The opinion of the court was delivered by: Oliver W. Wanger United States District Judge
ORDER REGARDING DEFENDANT'S ALTERNATIVE MOTION FOR NEW MOTION FOR ACQUITTAL OR IN THE TRIAL (Doc. 269)
On April 23, 2010, a jury convicted Pioquinto Larios Santacruz ("Defendant") of distributing methamphetamine and cocaine, possessing methamphetamine and cocaine with the intent to distribute, and conspiracy.
Defendant filed a motion for judgment of acquittal pursuant to Federal Rule of Criminal Procedure 29 or in the alternative for a new trial under Federal Rule of Criminal Procedure 33 on May 7, 2010. (Doc. 269). The United States filed opposition to Defendant's motion on May 20, 2010 (Doc. 284).
On or about November 7, 2008, Defendant was arrested and taken to the Tulare County Jail, where he was interrogated by Todd Keuhnlein ("Keuhnlein"), an agent with the United States Drug Enforcement Agency ("DEA"). Because Defendant did not indicate that he spoke English, Kuehnlein employed the assistance of a Spanish-speaking correctional deputy at the Tulare County Jail, Dario Davalos ("Davalos"). Defendant made incriminating statements during the interview.
Davalos testified at trial that he was working on November 7, 2008 as a booking officer and a floor deputy responsible for classifying inmates. Davalos testified that he speaks Spanish in addition to English. Davalos stated the primary language in his household while he was growing up was Spanish, that he has spoken Spanish his entire life, and that he speaks Spanish at work when booking prisoners. According to Davalos, he routinely serves as an interpreter during prisoner interrogations. Davalos had no specific recollection of interpreting Defendant's interrogation, however, when asked if he served as an interpreter for Kuehnlein, Davalos stated "if that's what he said I did, I did." (Ex. 1 at 6). Davalos testified that he had no independent knowledge of the DEA's investigation of Defendant. Davalos stated that although he could not specifically remember Defendant's interrogation, it was his practice and custom to always read Miranda cards at the outset of the interrogation. Defendant's counsel chose not to cross-examine Davalos.
Kuehnlein's trial testimony included testimony regarding the incriminating statements Defendant made during the November 7, 2008 interrogation. Defendant's counsel objected to Kuehnlein's testimony regarding Plaintiff's statements on the grounds of hearsay and the Sixth Amendment right to confrontation, and after a side bar in which the Government and Defendant's counsel each stated their positions, the court overruled Defendant's objections. The court found that Davalos qualified to act as a translator of the Spanish language, admitted Kuehnlein's testimony as a party opponent admission, and instructed Defendant's counsel that although Kuehnlein's testimony was admissible, counsel was free to argue that the weight of the evidence was diminished by the fact that the statements were related through a translator who did not have any memory of the interrogation.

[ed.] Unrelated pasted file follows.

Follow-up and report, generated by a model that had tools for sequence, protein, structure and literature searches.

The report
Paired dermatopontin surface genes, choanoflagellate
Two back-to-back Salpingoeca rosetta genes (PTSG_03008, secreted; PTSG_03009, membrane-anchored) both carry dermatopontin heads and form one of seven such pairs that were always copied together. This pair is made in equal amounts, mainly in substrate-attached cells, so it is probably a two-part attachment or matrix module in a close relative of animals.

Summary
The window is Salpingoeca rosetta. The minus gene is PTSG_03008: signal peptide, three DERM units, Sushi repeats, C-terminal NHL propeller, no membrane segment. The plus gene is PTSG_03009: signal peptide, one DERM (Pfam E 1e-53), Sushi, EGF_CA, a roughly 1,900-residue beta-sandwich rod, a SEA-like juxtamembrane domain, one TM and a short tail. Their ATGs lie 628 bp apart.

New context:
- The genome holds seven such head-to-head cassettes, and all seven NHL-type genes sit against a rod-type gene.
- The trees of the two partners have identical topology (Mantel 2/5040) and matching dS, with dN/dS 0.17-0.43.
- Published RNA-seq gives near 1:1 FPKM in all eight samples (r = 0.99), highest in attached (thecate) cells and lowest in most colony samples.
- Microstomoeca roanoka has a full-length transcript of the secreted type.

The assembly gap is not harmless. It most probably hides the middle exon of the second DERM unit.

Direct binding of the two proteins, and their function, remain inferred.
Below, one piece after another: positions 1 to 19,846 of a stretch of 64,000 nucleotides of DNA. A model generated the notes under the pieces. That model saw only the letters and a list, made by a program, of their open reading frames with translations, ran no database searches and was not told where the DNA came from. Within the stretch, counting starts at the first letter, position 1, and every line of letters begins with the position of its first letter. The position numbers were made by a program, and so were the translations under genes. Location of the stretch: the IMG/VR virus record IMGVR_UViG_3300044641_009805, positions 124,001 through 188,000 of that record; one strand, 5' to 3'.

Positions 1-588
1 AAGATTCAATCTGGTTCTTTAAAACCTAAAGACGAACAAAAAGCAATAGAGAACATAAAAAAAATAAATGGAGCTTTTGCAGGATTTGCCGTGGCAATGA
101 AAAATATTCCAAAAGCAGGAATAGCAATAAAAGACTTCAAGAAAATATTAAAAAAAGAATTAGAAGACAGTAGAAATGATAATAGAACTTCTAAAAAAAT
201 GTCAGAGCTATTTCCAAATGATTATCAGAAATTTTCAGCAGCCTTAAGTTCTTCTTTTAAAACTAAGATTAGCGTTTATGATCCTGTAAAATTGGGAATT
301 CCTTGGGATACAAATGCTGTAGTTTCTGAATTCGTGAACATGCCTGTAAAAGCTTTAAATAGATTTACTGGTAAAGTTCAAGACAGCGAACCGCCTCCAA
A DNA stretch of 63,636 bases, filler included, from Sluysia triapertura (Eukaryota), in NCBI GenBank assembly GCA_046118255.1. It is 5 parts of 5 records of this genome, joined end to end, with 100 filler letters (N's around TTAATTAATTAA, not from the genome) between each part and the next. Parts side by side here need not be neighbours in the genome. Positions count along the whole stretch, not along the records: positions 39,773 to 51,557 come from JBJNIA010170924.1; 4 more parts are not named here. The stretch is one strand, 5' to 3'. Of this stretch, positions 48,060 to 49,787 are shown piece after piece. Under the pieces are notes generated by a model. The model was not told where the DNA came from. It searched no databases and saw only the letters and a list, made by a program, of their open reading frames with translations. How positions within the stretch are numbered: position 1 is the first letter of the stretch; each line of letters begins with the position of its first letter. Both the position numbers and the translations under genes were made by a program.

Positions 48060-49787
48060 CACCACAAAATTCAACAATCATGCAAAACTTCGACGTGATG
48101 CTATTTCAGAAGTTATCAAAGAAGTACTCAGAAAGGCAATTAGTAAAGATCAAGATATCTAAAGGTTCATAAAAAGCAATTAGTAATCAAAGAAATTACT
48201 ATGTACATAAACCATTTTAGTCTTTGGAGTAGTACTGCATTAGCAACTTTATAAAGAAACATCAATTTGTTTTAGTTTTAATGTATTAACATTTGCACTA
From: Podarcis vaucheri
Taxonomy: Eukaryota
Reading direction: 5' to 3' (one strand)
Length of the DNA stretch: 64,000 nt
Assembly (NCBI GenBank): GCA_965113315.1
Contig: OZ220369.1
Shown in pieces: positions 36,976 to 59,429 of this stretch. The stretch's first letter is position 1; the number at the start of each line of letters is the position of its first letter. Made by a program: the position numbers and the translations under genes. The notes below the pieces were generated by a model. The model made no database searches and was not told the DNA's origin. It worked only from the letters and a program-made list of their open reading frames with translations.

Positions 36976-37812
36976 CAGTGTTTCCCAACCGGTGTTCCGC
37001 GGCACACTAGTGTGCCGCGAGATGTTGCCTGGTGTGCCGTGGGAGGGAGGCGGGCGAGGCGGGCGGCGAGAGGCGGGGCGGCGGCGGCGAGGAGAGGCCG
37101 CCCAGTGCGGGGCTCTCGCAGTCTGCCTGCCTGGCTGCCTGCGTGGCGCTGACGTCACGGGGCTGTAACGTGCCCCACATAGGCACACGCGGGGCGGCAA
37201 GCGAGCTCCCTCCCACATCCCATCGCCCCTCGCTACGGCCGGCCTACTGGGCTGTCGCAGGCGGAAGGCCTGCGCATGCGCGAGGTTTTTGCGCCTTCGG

Kuehnlein testified that prior to interrogating Defendant, he spoke to Davalos and told him that any question he asked should be translated to Defendant verbatim. Kuehnlein stated that he had no reason to doubt that Davalos followed his instructions. Kuehnlein testified that through Davalos, Defendant told him his name was Pioquinto Santacruz, and that he also used the alias Noe Rios. Defendant stated that he lived at 162 West Wade in Tualre, California. In response Kuehnlein's questions regarding a drug transaction in September 2006, Defendant stated that he knew a man named Pat, who came to his house with another individual to conduct a drug deal. Kuehnlein testified that he asked Defendant if the transaction was for five pounds of cocaine and five pounds of methamphetamine, and Defendant responded affirmatively. Defendant also indicated that he worked for Hamstra Dairy in Tulare under the name Noe Rios. Defendant was convicted of all three charges against him based in part on Kuehnlein's testimony.
A. Federal Rule of Criminal Procedure 29
Federal Rule of Criminal Procedure 29 provides that a judgment of acquittal is warranted if the evidence is insufficient to sustain a conviction. Fed. R. Crim. P. 29(a). "The evidence is sufficient to support a conviction if, 'viewing the evidence in the light most favorable to the prosecution, any rational trier of fact could have found the essential elements of the crime beyond a reasonable doubt.'" E.g. United States v. Magallon-Jimenez, 219 F.3d 1109, 1112 (9th Cir. 2000) (citing Jackson v. Virginia, 443 U.S. 307, 319 (1979)). Under Rule 29, all reasonable inferences are to be drawn in favor of the government, and any conflicts in the evidence are to be resolved in favor of the jury's verdict. United States v. Alvarez-Valenzuela, 231 F.3d 1198, 1201-02 (9th Cir. 2000). When a district court reserves ruling on a Rule 29 motion, it must decide the motion on the basis of the evidence at the time the ruling was reserved; i.e., at the close of the government's case. Fed. R. Crim. P. 29(b).
B. Federal Rule of Criminal Procedure 33
Federal Rule of Criminal Procedure 33 provides that "[u]pon the defendant's motion, the court may vacate any judgment and grant a new trial if the interest of justice so requires." Fed. R. Crim. P. 33. A motion for a new trial is "directed to the discretion of the district judge" and "should be granted only in exceptional cases in which the evidence preponderates heavily against the verdict." United States v. Pimentel, 654 F.2d 538, 545 (9th Cir. 1981). A district court may ...